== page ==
Third House Books & Coffee struggles to stay afloat after a 30 percent rent increase.

Photo by Sarah Breske.

Nestled on North Main Street is Third House Books & Coffee, one of Gainesville’s last remaining independent bookstores. Inside the two-tiered space, colorful book jackets pop against the blue walls; the latest music book collection is featured atop a refurbished piano. At the register, you can expect a warm greeting from Kiren Valjee or Heather Halak, the co-owners who’ve carefully curated the store’s 300-title collection.

Illustrations by Caroline Gaspich.

In the two years since Third House opened, Valjee and Halak have built a community space even as the city’s other independent spaces — like Wild Iris, which was Gainesville’s feminist bookstore for 25 years until last December — close.

This past summer, Valjee and Halak received notice the Third House’s rent would increase by 30 percent in November, an expense they worried might force the store to close. In late August, they created a GoFundMe to cover the rent increase and pay off accumulating debt. So far, they’ve raised $2,319 of their $10,000 goal.

Just before the end of October, Fest brought in a spike in business. Valjee and Halak were able to pay November’s rent on time, but the future is uncertain.

“I don’t have much optimism,” Valjee said. “I don’t really know what’s gonna happen.”

Valjee opened Third House in late October, 2016 during Fest, which he believed would jumpstart the business. Then just over a week later, Donald Trump was elected president. Valjee realized he wanted Third House to be a space of solace for Gainesville and offered free coffee for those distraught by the results.

“It occured to me that Third House should be more than just a bookstore,” he said. “It should be a safe space.”

Halak, an avid reader, visited the bookstore regularly before becoming a partner. It didn’t take long for her to notice how tired and overworked Valjee was from single-handedly running the store. She extended a helping hand, offering to volunteer and cover several shifts.

“There’s a huge amount of emotional and mental labor that goes into this,” Halak said. 

Valjee and Halak in Third House Books. Photos by Sarah Breske.

Third House’s main source of revenue is book sales, but days can go by with only a couple people making a substantial purchase. In order to sustain himself and the bookstore financially, Valjee works two jobs bartending at Palomino’s and at The Wooly.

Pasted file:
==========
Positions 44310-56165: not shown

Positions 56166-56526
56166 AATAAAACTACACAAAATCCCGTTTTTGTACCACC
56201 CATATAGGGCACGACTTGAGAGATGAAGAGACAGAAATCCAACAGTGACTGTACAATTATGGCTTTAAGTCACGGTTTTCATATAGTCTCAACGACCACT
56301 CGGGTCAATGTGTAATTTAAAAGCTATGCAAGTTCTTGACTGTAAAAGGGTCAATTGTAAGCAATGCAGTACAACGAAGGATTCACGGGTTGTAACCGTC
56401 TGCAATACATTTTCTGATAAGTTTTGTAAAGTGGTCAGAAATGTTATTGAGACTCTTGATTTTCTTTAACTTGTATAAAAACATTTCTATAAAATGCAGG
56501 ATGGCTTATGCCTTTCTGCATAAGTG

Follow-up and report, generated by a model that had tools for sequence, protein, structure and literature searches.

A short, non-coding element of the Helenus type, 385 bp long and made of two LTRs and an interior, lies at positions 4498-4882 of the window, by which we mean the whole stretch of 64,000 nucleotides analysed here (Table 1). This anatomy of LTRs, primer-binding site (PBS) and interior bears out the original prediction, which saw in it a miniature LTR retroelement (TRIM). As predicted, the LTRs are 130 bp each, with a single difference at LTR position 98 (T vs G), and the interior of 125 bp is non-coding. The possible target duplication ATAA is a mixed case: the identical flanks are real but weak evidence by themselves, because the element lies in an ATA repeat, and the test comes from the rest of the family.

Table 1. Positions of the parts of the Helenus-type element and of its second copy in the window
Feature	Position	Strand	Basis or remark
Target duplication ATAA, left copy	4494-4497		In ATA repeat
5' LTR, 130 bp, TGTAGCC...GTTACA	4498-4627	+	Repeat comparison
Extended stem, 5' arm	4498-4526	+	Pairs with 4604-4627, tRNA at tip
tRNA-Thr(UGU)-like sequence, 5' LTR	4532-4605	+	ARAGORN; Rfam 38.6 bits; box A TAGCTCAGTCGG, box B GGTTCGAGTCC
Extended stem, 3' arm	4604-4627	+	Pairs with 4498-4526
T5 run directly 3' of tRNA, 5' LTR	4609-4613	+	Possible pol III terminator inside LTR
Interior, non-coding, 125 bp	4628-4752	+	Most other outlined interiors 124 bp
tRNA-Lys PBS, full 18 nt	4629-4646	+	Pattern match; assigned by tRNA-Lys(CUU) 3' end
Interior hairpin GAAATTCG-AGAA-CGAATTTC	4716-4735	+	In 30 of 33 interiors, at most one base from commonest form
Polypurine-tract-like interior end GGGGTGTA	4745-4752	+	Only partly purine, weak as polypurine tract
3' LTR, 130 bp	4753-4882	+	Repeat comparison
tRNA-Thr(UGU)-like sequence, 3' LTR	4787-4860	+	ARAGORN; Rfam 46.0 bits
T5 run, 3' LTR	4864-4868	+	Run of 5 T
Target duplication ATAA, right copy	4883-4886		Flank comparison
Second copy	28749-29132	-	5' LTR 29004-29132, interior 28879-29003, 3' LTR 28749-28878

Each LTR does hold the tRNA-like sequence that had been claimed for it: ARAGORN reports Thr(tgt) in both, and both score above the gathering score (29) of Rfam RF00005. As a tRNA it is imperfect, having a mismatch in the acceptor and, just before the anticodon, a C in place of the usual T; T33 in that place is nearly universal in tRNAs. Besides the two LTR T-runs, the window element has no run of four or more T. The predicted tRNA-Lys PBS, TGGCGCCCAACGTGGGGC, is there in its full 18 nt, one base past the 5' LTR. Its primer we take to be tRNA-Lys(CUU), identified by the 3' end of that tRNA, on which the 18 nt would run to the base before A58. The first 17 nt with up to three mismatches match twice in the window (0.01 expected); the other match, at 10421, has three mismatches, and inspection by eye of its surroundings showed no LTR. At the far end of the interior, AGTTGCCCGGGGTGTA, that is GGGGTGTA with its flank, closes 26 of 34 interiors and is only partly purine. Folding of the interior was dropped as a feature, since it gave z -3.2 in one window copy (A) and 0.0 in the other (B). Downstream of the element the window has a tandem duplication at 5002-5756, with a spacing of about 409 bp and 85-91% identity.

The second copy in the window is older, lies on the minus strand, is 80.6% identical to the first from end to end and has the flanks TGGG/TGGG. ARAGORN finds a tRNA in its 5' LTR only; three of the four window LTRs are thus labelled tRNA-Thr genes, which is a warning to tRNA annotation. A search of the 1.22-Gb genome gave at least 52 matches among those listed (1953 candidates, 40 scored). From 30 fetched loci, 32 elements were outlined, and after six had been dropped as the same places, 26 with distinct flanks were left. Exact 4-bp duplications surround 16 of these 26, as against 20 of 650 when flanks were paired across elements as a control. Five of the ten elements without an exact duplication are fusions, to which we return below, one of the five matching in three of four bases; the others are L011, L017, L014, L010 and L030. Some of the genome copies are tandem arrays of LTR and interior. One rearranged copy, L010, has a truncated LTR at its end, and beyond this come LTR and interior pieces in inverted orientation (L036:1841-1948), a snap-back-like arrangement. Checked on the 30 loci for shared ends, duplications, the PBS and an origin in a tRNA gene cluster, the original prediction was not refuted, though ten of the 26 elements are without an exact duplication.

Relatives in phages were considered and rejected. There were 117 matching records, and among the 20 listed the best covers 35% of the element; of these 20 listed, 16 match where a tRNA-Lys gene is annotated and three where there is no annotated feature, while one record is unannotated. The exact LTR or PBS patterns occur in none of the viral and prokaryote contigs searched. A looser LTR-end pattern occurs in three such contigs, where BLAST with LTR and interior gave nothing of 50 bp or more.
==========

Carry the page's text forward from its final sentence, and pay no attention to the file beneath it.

“We have to constantly convince people that spending their money here keeps the money in Gainesville,” Valjee said.

Valjee said it’s also disappointing to see other independent spaces close, like Wild Iris. When Wild Iris shuttered its doors in December 2017, the store’s co-owner Erica Merrell donated some of its furniture and inventory to Third House. To fill the void, Valjee made an effort to carry more feminist literature.

“It was a real loss for our community,” he said. “I thought maybe we could pick up where they left off.”

Once a month, Third House hosted Notebook Sessions, a live show of local music fashioned after NPR’s Tiny Desk concerts. One of many curated community experiences spearheaded by the co-owners, Notebook Sessions brought a consistent crowd each month. But the store isn’t certain the event can continue after the departure of an organizer following sexual assault allegations from the community.

“I don’t have much optimism,” Valjee said. “I don’t really know what’s gonna happen.”

Despite the financial challenges, Third House continues to work on expanding their reach. On Nov. 2, Valjee and Halak launched an online store that would provide customers locally and nationally with over 9,000,000,000 titles.

“Gainesville is a weird place,” Valjee said. “It seems like we should have more cultural community centers. We have a huge, prestigious university and a huge music scene, but I don’t know. I haven’t been able to figure it out.”  

After biking to the bookstore to study four days a week for nearly a year, 22-year-old Timothy Tia holds the record for the highest number of card hole-punches for each coffee purchased. His polaroid is pasted on the back wall of the bookstore in his honor.

“I think Kiren and Heather have a specific vision of what they want Third House to be,” Tia said. “They want Gainesville to have an independent bookstore that pushes works by women, by people of color, or by queer writers — but also a bookstore that builds a sense of community. You can’t get that at Books-A-Million.” •